European and American relations today is one of the most intricate partnerships present in the international arena. However, not many know that this partnership almost did not exist in the early ages of imperialism and American formation. Both nations have feared one another in the early 18th century and thus tried to subdue the other. Why did the Europeans fear the Americans? Was it because of America’s slowly growing influence or was it because of the capacity of the country to grow? Did America have the same sentiments as that of Europe? What was their image of the European region? Unlike the Europeans, who deemed the nation as a dangerous rival, Americans were distrustful of the Europeans after the Revolutionary War. It is only after the First. Second and Cold Wars did they warm up to the Europeans and created a partnership with them.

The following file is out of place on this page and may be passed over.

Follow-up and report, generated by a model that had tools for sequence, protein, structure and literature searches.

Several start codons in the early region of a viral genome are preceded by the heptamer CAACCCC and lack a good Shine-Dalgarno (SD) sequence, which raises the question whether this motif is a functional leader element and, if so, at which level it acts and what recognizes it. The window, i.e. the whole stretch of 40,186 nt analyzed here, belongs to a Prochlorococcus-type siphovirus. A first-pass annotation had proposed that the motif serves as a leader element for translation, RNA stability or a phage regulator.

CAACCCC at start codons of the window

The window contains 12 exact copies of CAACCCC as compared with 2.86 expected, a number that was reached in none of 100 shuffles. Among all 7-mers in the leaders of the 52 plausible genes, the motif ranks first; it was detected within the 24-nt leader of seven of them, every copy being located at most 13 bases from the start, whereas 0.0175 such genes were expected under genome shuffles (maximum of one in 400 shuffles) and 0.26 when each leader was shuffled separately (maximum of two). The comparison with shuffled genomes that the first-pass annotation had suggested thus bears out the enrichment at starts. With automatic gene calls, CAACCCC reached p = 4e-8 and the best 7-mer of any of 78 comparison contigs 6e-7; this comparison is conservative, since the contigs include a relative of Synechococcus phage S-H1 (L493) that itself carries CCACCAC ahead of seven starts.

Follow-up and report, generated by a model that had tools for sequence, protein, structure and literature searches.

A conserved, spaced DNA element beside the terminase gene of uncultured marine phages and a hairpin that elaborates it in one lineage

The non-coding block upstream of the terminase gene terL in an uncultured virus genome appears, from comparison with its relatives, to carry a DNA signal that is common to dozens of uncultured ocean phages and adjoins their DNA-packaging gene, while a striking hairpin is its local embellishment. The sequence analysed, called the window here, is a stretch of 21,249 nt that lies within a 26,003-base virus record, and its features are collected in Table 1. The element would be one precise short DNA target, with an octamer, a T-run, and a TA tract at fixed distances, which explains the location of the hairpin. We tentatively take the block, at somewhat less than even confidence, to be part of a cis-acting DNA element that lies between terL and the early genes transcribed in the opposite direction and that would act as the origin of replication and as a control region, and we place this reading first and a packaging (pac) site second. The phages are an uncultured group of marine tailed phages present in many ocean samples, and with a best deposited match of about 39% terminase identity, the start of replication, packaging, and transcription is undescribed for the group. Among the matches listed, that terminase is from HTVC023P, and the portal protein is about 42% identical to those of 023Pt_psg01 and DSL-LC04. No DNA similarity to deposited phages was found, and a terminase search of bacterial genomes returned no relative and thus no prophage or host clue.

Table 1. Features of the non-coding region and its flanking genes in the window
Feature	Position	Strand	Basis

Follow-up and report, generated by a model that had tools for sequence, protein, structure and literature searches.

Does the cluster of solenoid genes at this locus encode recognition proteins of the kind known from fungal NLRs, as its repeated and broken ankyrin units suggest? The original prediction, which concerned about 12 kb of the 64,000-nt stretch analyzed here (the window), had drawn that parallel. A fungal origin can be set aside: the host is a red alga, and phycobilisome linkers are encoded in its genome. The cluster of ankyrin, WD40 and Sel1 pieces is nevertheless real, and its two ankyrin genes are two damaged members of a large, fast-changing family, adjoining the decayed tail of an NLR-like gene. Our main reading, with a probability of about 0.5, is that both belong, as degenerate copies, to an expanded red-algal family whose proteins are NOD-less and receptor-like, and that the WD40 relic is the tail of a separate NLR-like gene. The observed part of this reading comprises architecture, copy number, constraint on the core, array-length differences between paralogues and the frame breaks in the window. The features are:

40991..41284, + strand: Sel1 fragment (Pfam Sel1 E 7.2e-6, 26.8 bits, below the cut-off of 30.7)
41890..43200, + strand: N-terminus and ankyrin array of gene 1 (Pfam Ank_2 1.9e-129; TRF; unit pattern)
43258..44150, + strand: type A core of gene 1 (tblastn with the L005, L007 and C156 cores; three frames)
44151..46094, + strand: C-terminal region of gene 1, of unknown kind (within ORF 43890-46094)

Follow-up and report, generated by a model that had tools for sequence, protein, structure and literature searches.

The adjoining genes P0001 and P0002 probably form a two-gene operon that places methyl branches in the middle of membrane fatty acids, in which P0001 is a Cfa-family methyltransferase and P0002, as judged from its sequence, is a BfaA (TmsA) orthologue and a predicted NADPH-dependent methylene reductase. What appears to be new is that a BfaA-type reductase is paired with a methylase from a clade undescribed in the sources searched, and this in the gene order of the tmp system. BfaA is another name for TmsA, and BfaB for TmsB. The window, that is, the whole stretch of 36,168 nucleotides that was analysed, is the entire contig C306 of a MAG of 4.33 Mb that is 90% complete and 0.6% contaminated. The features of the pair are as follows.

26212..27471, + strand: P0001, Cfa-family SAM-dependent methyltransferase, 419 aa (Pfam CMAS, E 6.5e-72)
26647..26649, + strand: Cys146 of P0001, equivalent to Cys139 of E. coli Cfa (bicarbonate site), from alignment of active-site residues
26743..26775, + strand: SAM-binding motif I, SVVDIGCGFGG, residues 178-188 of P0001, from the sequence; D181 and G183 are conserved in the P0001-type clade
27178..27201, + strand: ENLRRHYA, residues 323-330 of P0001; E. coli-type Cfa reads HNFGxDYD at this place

According to Schmidt, Shelley and Bardes (2008), the Europeans, mostly the English government, sent a group to the New World and establish their own trading post. Jamestown, or now known as Jamestown, Virginia, became known as the first English colony founded in America. The English colonies did not just end in Virginia as it moved towards the Massachusetts, Rhode Island up to Georgia. The American colonies did not take this lightly as the British government imposed taxes on these colonies. This eventually led to the Revolutionary War in 1760s. Each of the proposals raised by the British government were not followed by the Americans and even created a Congress that would define the position these colonies would make. However, the Articles of Confederation created by the Congress had some lapses as to their power to impose their decisions and create a military arm that would subdue any army that may attack the nation. The War then escalated into new heights as the English troops slowly invaded the American colonies. The American troops were led by George Washington and used their knowledge of the terrain to drive out the English troops.